Wed, Oct 10, 2018 - Page 6 News List

Lam refuses to explain journalist visa denial

HANDED DOWN:Hong Kong Chief Executive Carrie Lam said the decision had come from immigration authorities, but added that freedom of reporting is a ‘core value’

AFP, HONG KONG

Hong Kong Chief Executive Carrie Lam takes a question during her weekly address at the government headquarters in Hong Kong yesterday.

Photo: AFP

Hong Kong Chief Executive Carrie Lam (林鄭月娥) yesterday refused to say why the territory had denied a visa to a leading Financial Times journalist, despite escalating demands for an explanation of the unprecedented challenge to freedom of the press.

Victor Mallet, a British national and the Financial Times’ Asia news editor, angered authorities in Beijing and Hong Kong by hosting a speech at the territory’s press club by Andy Chan (陳浩天), founder of the pro-independence Hong Kong National Party, in August.

An application to renew Mallet’s work visa has been refused and on Sunday he was given seven days to leave Hong Kong.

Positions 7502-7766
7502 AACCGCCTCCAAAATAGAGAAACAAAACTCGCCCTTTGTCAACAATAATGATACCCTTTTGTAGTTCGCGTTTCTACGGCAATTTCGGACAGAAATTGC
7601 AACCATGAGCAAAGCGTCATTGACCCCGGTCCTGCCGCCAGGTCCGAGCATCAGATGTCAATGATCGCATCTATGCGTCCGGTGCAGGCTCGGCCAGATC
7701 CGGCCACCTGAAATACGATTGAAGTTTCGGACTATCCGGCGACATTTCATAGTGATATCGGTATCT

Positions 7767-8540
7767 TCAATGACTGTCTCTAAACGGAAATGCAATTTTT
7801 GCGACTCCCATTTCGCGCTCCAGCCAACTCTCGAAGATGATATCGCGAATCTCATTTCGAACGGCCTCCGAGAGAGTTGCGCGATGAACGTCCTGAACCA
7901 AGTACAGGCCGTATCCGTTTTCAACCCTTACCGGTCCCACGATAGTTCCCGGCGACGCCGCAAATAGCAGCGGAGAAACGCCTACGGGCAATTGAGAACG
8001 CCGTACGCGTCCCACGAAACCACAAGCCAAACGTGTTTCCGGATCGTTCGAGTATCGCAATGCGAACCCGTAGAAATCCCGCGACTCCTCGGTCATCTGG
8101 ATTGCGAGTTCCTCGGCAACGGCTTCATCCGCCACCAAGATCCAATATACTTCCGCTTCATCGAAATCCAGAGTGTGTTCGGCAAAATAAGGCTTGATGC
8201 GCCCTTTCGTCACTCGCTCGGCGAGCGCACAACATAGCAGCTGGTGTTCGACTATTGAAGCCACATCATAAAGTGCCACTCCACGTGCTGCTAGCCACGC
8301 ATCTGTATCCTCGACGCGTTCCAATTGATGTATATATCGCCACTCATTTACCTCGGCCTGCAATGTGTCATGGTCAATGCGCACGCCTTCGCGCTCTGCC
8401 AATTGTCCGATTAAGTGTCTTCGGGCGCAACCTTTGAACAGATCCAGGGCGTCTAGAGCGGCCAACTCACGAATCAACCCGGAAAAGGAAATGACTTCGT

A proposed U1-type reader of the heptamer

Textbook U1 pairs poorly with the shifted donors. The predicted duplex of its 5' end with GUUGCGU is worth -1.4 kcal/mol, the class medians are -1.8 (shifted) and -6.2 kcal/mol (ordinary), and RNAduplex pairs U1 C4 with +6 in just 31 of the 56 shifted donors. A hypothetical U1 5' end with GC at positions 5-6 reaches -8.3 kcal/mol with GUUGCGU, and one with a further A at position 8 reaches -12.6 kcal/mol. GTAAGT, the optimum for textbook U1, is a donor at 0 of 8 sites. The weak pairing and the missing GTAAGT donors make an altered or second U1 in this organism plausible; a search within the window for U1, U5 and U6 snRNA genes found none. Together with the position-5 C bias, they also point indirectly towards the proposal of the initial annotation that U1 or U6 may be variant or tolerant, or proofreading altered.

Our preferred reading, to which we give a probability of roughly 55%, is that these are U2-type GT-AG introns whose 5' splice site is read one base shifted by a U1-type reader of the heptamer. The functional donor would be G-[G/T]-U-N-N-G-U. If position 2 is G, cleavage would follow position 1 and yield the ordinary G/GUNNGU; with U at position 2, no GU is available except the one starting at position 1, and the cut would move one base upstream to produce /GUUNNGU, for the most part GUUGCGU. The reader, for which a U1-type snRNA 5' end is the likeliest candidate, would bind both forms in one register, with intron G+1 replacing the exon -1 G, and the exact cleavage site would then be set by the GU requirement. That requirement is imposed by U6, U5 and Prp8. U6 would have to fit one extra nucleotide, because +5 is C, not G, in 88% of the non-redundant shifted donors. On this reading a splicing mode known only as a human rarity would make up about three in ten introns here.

Facing questions for the first time since the visa denial emerged last week, Lam, who is appointed by a pro-Beijing committee, said the decision had been handed down by immigration authorities.

She said linking it to the Chan talk was “pure speculation.”

“As a rule — not only locally, but internationally — we will never disclose, the immigration department will not disclose, the individual circumstances of the case, or the considerations of this decision,” Lam told reporters.

She refused to directly acknowledge the specifics of the speculation over why Mallet was denied the visa.

However, Lam said that the government “will not tolerate any advocacy of Hong Kong independence and things that harm national security, territorial integrity and developmental interests.”

Asked if journalists could now be punished simply for granting interviews to independence activists or writing about independence, Lam said that she could provide no guidance, but she insisted that freedom of reporting and expression were “core values.”

Some pro-Beijing figures have publicly welcomed the ousting of Mallet, including commentator Wat Wing-yin (屈穎妍) who wrote in the conservative newspaper Ta Kung Pao: “We only asked you to leave and did not execute you by shooting. That is already the most civilized of protests.”

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